Exploring Motion and Forces

Important Vocabulary Speed – The rate of motion, or the rate at which a body changes position. Instantaneous speed – The rate of motion at a given instant in time, such as that given on a car’s speedometer. Constant speed – Speed that does not change. Average speed – A rate of motion determined by dividing the total distance traveled by the total travel time. Velocity – The speed and direction of a moving body, such as a strom or a basketball thrown across a court. Acceleration – The rate of change in velocity (a change in direction or a change in speed). The amount of acceleration depends on velocity change and time interval. Force – A push or a pull one body exerts on another. Unbalanced forces always change the motion of the body. Balanced forces – Forces that are equal in size and opposite in direction; balanced forces acting on a body do not change the motion of the body. Net force – The sum of the forces on an object when unbalanced forces are applied to it. A net force changes the object’s speed or direction or both. Inertia – The tendency of an object to resist any change in its motion. If motionless, it tends to remain at rest; if moving, it tends to keep moving at the same speed and in the same direction. Friction – The force that opposes motion between two surfaces that are touching each other. The amount of friction depends on the types of surfaces and the kinds of force pressing the surfaces together. Gravity – Force exerted by every object in the universe on every other object. The amount of gravitaional force depends on the masses of the objects and the distance between them. Weight – The measure of the force of gravity on an object. Weight changes with changes in gravity and is measured in newtons (N)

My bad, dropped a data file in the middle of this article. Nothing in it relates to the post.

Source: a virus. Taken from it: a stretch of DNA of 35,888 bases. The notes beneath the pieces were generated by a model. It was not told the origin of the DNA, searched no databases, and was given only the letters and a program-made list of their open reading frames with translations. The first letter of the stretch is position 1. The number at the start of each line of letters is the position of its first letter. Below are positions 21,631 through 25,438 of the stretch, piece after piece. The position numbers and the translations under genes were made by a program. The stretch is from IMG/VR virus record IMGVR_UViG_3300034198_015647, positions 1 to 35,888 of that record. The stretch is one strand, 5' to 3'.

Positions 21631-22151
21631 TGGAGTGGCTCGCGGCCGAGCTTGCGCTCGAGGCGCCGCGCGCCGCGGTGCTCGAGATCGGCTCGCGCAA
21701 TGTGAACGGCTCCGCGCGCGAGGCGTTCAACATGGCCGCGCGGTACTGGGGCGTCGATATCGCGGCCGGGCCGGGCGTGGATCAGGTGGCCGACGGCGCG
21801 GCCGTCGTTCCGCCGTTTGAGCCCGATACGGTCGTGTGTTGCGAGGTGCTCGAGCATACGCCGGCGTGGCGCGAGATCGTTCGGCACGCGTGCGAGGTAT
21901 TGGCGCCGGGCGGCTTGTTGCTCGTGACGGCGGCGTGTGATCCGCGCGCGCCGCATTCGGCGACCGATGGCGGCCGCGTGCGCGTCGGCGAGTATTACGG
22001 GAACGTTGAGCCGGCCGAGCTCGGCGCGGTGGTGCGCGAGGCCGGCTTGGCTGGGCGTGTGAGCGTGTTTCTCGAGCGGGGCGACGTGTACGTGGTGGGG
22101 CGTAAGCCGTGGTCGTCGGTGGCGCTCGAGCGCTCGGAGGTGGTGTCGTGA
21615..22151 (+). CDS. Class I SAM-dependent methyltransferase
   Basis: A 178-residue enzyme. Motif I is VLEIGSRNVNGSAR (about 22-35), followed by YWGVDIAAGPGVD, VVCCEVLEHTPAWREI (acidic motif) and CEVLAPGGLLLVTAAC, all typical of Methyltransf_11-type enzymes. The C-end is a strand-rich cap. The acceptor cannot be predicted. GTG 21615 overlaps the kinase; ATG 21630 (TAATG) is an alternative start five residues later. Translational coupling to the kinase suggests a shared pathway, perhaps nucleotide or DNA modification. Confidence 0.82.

Important Formulas

Calculating Speed

The relationship between distance, speed and time is shown in the equation d = v * t, where d = distance, v = speed, and t = time. If you know the distance and time, you can rewrite the equation as:

d

V = -----             to calculate speed.

T

If the distance and speed are known the formula can be rewriiten as:

d

t = -----               to calculate time.

V

Calculating Acceleration

To calculate average acceleration, divide the change in velocity by the time interval. To find the change in velocity, subtract the initial velocity (starting velocity), v1, from the final velocity, vf.

vf - v1

A = -------------------

t